A NOW-viral video showing police repeatedly pushing a woman in her chest has prompted questions over whether officers acted appropriately.

Trisha Taylor from the Brisbane suburb of Boondall said she was at her aunty Natasha King's house with her mother "having a casual drink" when police arrived.

Police have denied any wrongdoing, but have vowed to examine the evidence.

According to police, officers entered the house after suspecting an act of domestic violence inside.

When filming begins - with footage thought to be taken by Ms Taylor's mother - a teenager is being taken into police custody.

Ms Taylor writes this was her 16-year-old cousin.

 

As police attempt to subdue the teen, his mother yells at the officers and approaches them, telling them to stop.

In one moment, an officer shoves Ms King hard enough for to be thrown across the room.

Ms King is then told to "sit down and shut up". When she refused, an officer asks a colleague if he has cuffs.

"Arrest her," he said.

National Indigenous Television reporter Danny TeeJay Johnson has posted on Facebook calling for a national discussion on how police interact with "our mob".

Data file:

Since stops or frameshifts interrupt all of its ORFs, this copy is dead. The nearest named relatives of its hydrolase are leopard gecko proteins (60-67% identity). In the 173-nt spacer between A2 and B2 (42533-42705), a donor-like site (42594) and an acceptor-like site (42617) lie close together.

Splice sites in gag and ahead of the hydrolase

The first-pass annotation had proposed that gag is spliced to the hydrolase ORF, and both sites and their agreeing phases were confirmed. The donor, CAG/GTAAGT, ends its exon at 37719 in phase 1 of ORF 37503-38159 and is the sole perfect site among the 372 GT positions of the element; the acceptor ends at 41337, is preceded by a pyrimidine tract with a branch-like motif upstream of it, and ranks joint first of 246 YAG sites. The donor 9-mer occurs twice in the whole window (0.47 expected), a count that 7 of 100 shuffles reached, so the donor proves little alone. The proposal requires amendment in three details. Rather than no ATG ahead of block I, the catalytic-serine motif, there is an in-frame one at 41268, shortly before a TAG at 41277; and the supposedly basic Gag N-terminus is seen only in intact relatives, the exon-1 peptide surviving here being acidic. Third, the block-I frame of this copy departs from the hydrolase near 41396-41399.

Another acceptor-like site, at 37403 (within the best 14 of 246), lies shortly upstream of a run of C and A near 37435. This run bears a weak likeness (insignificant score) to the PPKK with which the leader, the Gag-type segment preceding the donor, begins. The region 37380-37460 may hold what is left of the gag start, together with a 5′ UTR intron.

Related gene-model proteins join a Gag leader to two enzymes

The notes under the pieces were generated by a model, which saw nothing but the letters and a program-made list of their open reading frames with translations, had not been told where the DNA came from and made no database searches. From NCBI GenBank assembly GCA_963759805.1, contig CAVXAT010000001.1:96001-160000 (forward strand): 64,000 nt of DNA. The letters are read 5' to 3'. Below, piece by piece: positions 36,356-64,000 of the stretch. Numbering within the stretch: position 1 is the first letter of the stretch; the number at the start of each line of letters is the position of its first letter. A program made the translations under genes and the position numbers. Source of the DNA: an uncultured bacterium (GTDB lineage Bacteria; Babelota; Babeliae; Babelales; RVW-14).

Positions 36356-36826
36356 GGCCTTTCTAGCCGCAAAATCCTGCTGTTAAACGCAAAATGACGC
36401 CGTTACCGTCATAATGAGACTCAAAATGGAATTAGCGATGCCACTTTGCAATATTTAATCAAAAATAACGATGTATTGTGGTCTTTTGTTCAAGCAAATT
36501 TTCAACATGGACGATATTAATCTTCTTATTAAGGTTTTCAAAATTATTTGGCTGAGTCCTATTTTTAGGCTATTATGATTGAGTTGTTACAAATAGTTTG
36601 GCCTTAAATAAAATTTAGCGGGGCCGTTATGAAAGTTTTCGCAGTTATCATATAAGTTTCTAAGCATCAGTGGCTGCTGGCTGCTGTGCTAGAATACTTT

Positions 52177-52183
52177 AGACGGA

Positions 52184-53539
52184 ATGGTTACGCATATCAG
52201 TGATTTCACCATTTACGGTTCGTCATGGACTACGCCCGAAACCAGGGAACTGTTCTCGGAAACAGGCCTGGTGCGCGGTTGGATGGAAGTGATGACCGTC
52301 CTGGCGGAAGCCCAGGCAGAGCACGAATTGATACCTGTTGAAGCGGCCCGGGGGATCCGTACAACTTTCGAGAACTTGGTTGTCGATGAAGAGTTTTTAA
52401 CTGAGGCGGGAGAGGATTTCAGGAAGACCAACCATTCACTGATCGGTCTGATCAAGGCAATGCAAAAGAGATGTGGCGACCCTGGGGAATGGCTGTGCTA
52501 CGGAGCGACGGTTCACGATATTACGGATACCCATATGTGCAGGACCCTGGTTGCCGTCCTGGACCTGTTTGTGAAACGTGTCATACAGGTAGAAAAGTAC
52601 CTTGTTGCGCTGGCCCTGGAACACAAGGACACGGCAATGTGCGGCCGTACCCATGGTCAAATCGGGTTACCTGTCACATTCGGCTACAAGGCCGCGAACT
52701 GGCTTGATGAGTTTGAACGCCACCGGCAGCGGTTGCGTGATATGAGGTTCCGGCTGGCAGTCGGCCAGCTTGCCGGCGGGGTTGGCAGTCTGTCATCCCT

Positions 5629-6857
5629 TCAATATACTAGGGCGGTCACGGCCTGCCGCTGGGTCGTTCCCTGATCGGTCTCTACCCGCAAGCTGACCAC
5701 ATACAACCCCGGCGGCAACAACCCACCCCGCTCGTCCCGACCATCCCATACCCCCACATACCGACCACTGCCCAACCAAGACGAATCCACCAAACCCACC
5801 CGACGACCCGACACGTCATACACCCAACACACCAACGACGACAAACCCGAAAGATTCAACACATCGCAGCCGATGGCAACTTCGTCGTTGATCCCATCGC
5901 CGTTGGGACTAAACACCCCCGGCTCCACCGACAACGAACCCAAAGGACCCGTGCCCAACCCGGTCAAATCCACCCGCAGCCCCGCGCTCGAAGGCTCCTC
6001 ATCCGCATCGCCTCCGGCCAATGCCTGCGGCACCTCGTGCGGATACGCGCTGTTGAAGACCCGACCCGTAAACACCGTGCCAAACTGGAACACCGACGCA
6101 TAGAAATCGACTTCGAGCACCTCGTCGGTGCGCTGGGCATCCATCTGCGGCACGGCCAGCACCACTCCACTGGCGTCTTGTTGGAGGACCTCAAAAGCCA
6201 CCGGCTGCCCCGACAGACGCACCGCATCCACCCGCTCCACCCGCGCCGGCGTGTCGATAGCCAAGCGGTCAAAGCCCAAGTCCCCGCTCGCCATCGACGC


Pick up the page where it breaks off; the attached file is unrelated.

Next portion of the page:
This is how ‪#‎deathsincustody‬ start.
We need to have a national discussion on how police engage with our mob. Is this an example of‪ #‎violenceagainstwomen‬? 

Queensland Police Union president Ian Leavers said the officers did the right thing.

"The police have acted entirely appropriately and I would have probably done the same," he told ABC News.

"What I will say is the police showed a lot of restraint, and the only thing I would have done differently is I would have arrested her well before they did.

Michael Cope from the Queensland Council for Civil Liberties said a complaint should be made to the state's Crime and Corruption Commission.

Ms King told National Indigenous Television the shoving forced her back into a nearby table.

"I just couldn't believe that he was basically hitting me when they are against domestic violence."

In a statement Queensland Police Service alleged that officers "were both obstructed and assaulted by persons in the house, resulting in four people being detained".

Two will face court. Two others will be dealt with under the Youth Justices Act.

"Queensland Police are yet to receive a formal complaint in respect to this matter, however, as a matter of course, police will review all available evidence. 


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